which is bred and used, relative to the cost of fresh uranium. Also there is an international concern over the
disposal of ex-military plutonium, and there are proposals to use fast reactors as burners for this purpose. In
both respects the technology is important for long-term considerations of world energy sustainability.
According to Ref [12], fast reactors operating in a closed fuel cycle would be able to provide energy for
thousands of years as well as easing concerns about waste. More so, fast reactors are versatile and flexible
technology that promises to create or breed more fuel by converting nuclear waste into fissile material. The
High Temperature Reactor (HTR) innovation concept is also an advanced reactor concept that can meet the
energy and environmental needs of future generations [13]. HTR is suitable for burning Plutonium most
effectively, as well as to minimize the amount of it to be disposed and even with the use of a Thorium based
fuel cycle would produce a small amount of toxic fuel waste or long-lived radiotoxic waste, both of which
contribute substantially to anxieties about disposal of nuclear waste.
3.2. Sustainability in Coal- And Gas-Fired Power Plants
There is no perfect energy source. Each and every one has its own advantages and compromises [14].
No doubt the least destructive form of clean coal is underground coal gasification (UCG). This is where the
coal is left in the ground and converted to gas by chemical means and then sucked up to the surface where it
is burned. Most of these projects include capturing the CO2 and then sequestering it. According to Ref [15]
coal plays a vital role in electricity generation worldwide. For instance, coal-fired power plants currently fuel
41% of global electricity and 85% in Republic of South Africa [16] coal. In as much as it is in abundant
supply with concentration in industrialized countries, relatively inexpensive with high load factor and mature
industry, it has a lot of demerits to the environment [17]
3.3. Underground Coal Gasification
UCG is a method of converting coal that is still in the ground into a combustible gas which can be used
for industrial heating, power generation or the manufacture of hydrogen, synthetic natural gas or diesel fuel
[18], [19]. The basic UCG process involves drilling two wells into the coal mine, one for injection of the
oxidants (water/air or water/oxygen mixtures) and another well some distance away to bring the product gas
to the surface and the coal at the base of the first well is then heated to temperatures that would normally
cause the coal to burn. According to Ref [18], through careful regulation of the oxidant flow, the coal does
not burn but rather separates into the syngas. The syngas is then drawn out of the second well. Therefore,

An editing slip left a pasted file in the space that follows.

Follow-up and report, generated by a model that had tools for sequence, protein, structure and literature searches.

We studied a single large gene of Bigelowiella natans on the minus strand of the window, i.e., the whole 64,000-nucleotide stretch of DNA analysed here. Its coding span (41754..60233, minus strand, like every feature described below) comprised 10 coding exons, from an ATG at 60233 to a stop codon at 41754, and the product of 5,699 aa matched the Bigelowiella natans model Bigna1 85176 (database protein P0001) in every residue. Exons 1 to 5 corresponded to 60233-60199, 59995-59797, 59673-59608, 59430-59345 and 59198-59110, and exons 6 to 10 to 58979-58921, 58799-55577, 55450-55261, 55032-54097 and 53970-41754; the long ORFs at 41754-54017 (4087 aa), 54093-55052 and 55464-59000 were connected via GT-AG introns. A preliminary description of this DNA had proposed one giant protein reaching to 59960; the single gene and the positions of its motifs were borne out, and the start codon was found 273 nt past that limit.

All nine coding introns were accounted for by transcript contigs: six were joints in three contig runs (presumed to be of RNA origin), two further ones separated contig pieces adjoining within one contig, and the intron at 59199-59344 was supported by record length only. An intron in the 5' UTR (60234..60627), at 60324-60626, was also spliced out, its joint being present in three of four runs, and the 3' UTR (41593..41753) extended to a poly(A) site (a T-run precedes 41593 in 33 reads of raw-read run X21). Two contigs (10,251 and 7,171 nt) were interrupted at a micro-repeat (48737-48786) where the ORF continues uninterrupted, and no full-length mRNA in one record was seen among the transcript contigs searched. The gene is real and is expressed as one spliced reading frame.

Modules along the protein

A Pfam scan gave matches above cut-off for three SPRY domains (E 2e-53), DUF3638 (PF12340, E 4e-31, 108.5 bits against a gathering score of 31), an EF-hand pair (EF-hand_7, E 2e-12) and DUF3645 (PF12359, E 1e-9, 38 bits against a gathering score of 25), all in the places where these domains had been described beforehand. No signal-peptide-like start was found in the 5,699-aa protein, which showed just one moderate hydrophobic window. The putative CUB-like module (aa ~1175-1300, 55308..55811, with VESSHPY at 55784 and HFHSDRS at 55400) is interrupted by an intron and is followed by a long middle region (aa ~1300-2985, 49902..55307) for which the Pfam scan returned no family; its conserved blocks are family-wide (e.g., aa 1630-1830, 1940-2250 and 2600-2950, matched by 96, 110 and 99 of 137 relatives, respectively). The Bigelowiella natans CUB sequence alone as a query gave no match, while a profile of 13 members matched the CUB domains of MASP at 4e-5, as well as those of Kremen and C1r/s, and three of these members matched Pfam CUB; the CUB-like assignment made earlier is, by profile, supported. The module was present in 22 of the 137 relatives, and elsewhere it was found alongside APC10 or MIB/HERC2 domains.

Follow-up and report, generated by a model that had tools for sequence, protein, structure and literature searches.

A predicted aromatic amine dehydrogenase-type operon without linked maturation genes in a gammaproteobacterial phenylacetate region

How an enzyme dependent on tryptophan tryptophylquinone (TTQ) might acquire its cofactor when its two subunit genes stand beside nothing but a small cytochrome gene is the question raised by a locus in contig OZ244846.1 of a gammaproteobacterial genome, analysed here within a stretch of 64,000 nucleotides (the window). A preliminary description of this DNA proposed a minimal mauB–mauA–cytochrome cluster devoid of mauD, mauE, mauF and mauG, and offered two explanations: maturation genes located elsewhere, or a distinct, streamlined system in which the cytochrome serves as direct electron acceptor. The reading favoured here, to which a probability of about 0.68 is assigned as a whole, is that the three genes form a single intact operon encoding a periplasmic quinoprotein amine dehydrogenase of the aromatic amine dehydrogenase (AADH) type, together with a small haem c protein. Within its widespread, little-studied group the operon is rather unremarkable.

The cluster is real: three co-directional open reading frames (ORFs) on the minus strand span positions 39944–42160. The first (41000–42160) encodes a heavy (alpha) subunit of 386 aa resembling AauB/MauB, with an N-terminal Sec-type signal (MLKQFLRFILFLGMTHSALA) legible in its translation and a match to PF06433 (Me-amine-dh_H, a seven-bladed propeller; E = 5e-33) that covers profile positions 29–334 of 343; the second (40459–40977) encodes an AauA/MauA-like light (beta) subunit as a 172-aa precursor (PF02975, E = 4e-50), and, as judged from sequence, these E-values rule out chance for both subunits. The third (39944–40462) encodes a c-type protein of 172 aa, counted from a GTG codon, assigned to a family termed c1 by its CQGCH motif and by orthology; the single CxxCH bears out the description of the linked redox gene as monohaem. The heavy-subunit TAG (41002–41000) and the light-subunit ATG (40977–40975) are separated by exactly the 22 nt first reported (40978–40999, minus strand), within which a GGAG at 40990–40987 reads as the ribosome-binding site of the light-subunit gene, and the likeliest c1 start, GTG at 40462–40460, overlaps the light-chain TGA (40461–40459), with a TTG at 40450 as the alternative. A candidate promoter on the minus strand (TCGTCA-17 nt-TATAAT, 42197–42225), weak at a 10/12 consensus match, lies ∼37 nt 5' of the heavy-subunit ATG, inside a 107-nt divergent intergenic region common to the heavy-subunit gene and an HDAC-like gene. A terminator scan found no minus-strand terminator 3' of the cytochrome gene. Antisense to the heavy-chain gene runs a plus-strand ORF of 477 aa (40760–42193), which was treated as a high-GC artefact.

UCG turns this resource into high value products by providing clean power, liquid fuels, syngas, fertilisers
and other chemical feedstocks.
3.4. Carbon Capture Storage (CCS)
59
CCS is a set of technologies that can greatly reduce CO2 emissions from new and existing coal- and gasfired power plants and large industrial sources [20]. CCS is a three-step process that includes, capturing the
carbon dioxide ( CO2) from power plants or industrial processes, transporting the captured and compressed
CO2 (usually in pipelines), and underground injection and geologic sequestration (also referred to as storage)
of the CO2 into deep underground rock formations. These formations are often a mile or more beneath the
surface and consist of porous rock that holds the CO2. Overlying these formations are impermeable, nonporous layers of rock that trap the CO2 and prevent it from migrating upward. After capture, however, carbon
dioxide (CO2) is compressed and then transported to a site where it is injected underground for permanent
storage also known as sequestration. It is commonly transported by pipeline, but it can also be transported by
train, truck, or ship. According to Ref [21], CCS uses established technologies to capture, transport and store
carbon dioxide emissions from large point sources, such as power stations. It also has an important role to
play to ensure manufacturing industries, such as steel and cement, can continue to operate, without the
associated emissions. CCS is a key tool in tackling climate change, providing energy security, creating jobs
and economic prosperity. Similarly, the principal rationale behind any effort to sequester carbon is to
mitigate the progression and further impact of climate change. Given its high mitigation potential, CCS
technology is often regarded as particularly relevant to our three case countries, which along China are seen
as critical actors in any global mitigation scenario. India and Brazil are already the world’s fifth- and
seventh-largest emitters in absolute terms, respectively; while South Africa has one of the highest emissions